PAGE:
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“I grew up in a little village with 160 people in the Champagne area. I was supposed to become a farmer in Champagne like my parents, but I left when I was 14 years old. I was ready to escape and I ran to the city close by and I was taken in by a fellow but I could have worked in any other place. I used to see my mother and her friends on Sunday coloring their hair, taking care of themselves so it was always a moment I liked. I loved the smell of the products and everything.

I walked into a salon and I felt a change. I started as an apprentice to a colorist. Domanique was her name. She was a real artisan. She told me, “you should be a very good colorist because they are very rare. There are just a few and your clients will be ten times more loyal if you become an expert.” At the time,a colorist was not trained to be identified by the top models yet, so color was thought of as something you did in a salon to cover gray hair.

After, when I arrived in Paris, I worked for Jean Louis David. I was 17 years old, very tall and I didn’t look too young. They loved me there. They believed I was very talented, so I worked right away at the training center and at the same time I was the one that was creating techniques for the group. I was creating techniques that were short, fast, economic, and easy. They used to say that if you pick up somebody from the street, 3 months after, they can become a colorist for our salon. Jean Louis David had a wonderful team and one of them called me to see if I could do an advertisement for L’Oreal. I was 17 years old but nobody else wanted to do the hair color at that time. It was with a top model; I started to play with the hair color. It was good that I learned to build the hair, because all these girls liked to change their hair color. They liked it because I was not ruining their hair. Right away I did my own product — oil and shampoo.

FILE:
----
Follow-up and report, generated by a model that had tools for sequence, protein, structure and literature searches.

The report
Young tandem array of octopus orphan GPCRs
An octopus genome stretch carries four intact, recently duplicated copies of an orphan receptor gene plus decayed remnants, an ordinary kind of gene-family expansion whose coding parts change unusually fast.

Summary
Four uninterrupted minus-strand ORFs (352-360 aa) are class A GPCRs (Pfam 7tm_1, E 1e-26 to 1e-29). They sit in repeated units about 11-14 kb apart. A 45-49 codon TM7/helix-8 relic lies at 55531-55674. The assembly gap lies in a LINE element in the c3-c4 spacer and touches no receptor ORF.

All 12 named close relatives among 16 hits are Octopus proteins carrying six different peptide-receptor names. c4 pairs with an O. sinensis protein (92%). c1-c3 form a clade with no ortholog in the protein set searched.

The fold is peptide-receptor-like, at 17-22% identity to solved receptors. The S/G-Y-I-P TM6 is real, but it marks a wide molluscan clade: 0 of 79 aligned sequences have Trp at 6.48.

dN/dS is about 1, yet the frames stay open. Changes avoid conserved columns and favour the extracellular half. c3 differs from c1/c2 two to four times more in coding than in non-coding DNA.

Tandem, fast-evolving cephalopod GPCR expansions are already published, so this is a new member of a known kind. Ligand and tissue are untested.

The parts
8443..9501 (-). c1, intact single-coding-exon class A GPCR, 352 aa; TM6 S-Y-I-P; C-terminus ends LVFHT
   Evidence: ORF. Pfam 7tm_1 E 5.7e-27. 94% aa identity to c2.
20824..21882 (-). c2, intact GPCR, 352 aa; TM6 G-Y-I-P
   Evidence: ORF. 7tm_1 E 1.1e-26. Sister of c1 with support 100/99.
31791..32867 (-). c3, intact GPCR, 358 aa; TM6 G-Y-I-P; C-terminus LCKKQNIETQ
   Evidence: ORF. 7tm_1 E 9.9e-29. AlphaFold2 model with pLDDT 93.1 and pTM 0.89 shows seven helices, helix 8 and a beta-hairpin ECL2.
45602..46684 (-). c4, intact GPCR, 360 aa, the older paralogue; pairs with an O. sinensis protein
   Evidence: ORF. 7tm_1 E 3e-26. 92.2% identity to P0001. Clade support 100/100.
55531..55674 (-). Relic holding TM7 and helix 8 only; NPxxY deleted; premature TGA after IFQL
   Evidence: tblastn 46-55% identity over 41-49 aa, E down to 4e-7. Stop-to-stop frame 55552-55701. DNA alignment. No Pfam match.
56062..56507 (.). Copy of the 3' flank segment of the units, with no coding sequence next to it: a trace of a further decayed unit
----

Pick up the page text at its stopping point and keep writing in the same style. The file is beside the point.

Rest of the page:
People who did my formulation, were like, “you’re crazy, you’ll never sell this product, it’s not the trend, it’s not the trend of fashion girls, a fad thing, women are busy now, you can’t do products like that where you have to wash your hair for 20 minutes.” The two first products I did, are still my best products. The lavender oil and the clarifying shampoo.

Usually oil, when it gets inside your hair, it has the tendency to remove the artificial pigments. The liquid ingredient, sylphic, most of the time stay right on your hair, they don’t always get inside. When it gets inside, it removes the color.With my oil there is Vitamin E, so when it gets into the hair, you need to leave it on an hour, minimum. It’s really a basic product that everybody should have and do it once a week.With shampoo, you do it after so your scalp – your hair – feels clean forever and shiny.

After Collette, the trendy store that opened up, wanted to my products and everybody wanted to have what Collette had, I started. I’m very proud of my product to show clients that I don’t do products just to do products. I keep the integrity of doing products and formulations that I really like and that I’ve tried. I’m so happy to see all of the products sell well. There’s not one that doesn’t sell well.

When I started to do all the models, most of the time I had no clue who they were because I was coming from the countryside and fashion for me was another world. Working with Peter [Lindbergh], I was lucky, because working with the biggest one, is always the nicest one. I was so lucky to work with [Jean-Baptiste] Modino. A lot of makeup artists helped me too, telling me, “you can do highlights as a stylist but you will never catch the eye.” There’s no contrast. That’s how I learned to break the technique. At first it was very much for the fashion people, like models Linda Evangelista, Kristen McMenamy, Stephanie Seymour, Claudia Schiffer, Kate Moss, Carla Bruni, and then some actors and actresses came. It was good because I started to work with regular people, I work with fashion – today’s models like Laetitia Casta, Karolina Kourkova, Natasha Poly, Coco Rocha – I work with music, and I work with celebrities. It’s so nice to not only work with just one category.

I made my painting hair technique when they were saying don’t be too technical, you’re going to make it too flat, too fine — during my editorial period. That’s how I managed to do it that way. You have to have to have the technique. To me it is the most beautiful result because you really put the light and the shadow where you want it and you can create real volume and texture. This is my chosen technique. I don’t do foils. When I look at people do it that way, I admire the patience but I don’t know what it gives. It’s flat after.